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April 24, 2022

The Church is Broken (and I'm not sure it can be fixed)

The Church is Broken (and I'm not sure it can be fixed)

Since my exit from the church, which was nothing formal or dramatic - just stopped going at some point, I have found my spiritual life is so much more free and loving. I find my ability to interact with people who have different experiences and beliefs so much easier because I'm not constantly feeling the need to assess whether it is legitimate based on my own personal beliefs. You see, when you state, without question, what The Truth is and there is no room for variation because The Truth is wrapped up in the infallibility and inerrancy of Scripture (or the Pope or Church, if you are of the Roman Catholic persuasion), everything else must be scrutinized and weighed for it's accuracy. Doctrine and beliefs become mathematical equations. They are wrong or right. So, if I know, beyond all doubt, a certain thing, your thing is only really accurate if it lines up with mine perfectly. 2+2 can equal nothing other than 4. If you say your answer is 4.1 or 1,000,000, it doesn't matter. It's wrong. In the spiritual realm, it's the difference in Heaven and Hell or Good and Evil. 

The struggle is very real for people because the church is flawed. It is filled with power plays, patriarchy, and spiritual abuse. Sometimes, sexual abuse. I have found more people damaged by the church in my life than those blessed by it. I want to repeat that. I have spoken to more people who have been hurt, damaged, destroyed, and beaten down by the church than people who have been blessed, found joy and fulfillment, and happiness through the church. 

I just had an online interaction with someone that started with this quote: "The tragedy of today is that the Church is pursuing happiness, not holiness." Another person followed with this: "Churches preaching a watered down form of the gospel to be more inclusive to certain groups. Yep happening a lot." Did you catch that?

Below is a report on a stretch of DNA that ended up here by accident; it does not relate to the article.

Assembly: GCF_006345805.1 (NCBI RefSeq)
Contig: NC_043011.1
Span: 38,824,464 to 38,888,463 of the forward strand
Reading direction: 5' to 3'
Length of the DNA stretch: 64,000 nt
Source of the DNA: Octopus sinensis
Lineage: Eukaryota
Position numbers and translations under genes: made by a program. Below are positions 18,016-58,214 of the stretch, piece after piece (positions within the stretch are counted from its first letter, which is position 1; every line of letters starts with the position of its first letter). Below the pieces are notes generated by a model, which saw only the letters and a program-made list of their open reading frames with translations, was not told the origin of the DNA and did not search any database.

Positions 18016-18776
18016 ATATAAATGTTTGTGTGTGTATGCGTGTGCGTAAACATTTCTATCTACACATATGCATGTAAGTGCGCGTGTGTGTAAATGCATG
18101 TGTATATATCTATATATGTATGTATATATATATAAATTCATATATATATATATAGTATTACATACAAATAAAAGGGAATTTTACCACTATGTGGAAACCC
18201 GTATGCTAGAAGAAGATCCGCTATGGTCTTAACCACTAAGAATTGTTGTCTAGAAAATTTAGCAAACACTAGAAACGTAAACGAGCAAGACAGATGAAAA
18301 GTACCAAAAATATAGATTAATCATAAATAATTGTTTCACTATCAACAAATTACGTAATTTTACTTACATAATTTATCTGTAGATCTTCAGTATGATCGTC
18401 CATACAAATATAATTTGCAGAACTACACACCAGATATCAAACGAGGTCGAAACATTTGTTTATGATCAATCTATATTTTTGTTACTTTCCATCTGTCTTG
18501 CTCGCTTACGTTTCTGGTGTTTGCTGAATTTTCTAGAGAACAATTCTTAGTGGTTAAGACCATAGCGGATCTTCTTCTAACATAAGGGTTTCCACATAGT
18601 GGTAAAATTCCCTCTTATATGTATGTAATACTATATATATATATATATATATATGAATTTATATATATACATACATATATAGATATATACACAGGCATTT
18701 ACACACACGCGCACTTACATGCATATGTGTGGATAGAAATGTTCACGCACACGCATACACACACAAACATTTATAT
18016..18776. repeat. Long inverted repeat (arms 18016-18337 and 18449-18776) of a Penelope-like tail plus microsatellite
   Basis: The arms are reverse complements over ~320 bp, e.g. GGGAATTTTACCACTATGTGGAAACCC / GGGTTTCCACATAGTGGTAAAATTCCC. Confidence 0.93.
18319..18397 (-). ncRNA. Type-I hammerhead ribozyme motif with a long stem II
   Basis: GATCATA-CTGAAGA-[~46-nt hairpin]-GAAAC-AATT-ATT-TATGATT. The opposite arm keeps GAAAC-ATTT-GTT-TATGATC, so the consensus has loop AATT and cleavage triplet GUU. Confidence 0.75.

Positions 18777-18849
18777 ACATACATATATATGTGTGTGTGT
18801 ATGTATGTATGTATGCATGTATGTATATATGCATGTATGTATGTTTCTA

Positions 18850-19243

Did you catch that?


Inclusiveness was a hallmark of Jesus Christ. It was what defined his ministry.  

My response was this: "The church is supposed to be a refuge for the downtrodden, a hospital for those who need healing. Instead, it is a power hungry, patriarchal enterprise."

Someone took issue with that. They argued with it. They didn't like it. They wrote, "A REAL church preaches that Jesus is the only way to Heaven." (Emphasis theirs). A REAL church. TRUTH. You will note that they completely ignored what I said and, instead, laid their argument on you have to BELIEVE EXACTLY THEIR TRUTH and it's all about cashing your ticket to Heaven. Fuck anyone who isn't part of their group. They aren't here to bring in the poor in spirit, those who mourn, the pure in heart, the peacemakers (yes I'm listing people Jesus said would see the Kingdom of Heaven while never mentioning a doctrinal statement they have to sign).

The church is broken. It's been broken a very long time. I'm not sure it can be rescued at this point and, quite frankly, I'm not sure it should be. Now, I said up above that I have met more people who have been damaged by the church than blessed by it. That comes with it, inherently, the recognition that not all churches are bad and not all people who attend church are bad. But the dogged refusal to recognize the harm the church has done - the refusal to recognize your antisemitism, your racism, your misogyny - means, by your own belief system, you have not come into repentance and sought forgiveness for misdeeds and sins. I know this because your actions speak louder than your words (and quite frankly, your words are pretty horrible, too). 

There are people I'm finding, many of who refer to themselves as exvangelicals, who are truly seeking a righteous way to live. They are seeking ways to love others fully and without restraint. They believe in god. They believe in righteousness. Yet, they stand against the patriarchy and power over people the church exerts. And you know what, the church hates them. These could be the ones to actually fix the church because they are sincere in their beliefs and their faith. Instead, they are the outcasts - the spiritual diaspora. These people are the ones seeking to live as followers of Christ, but you won't see it pasted all over their Twitter profiles - you'll see it in their words and deeds.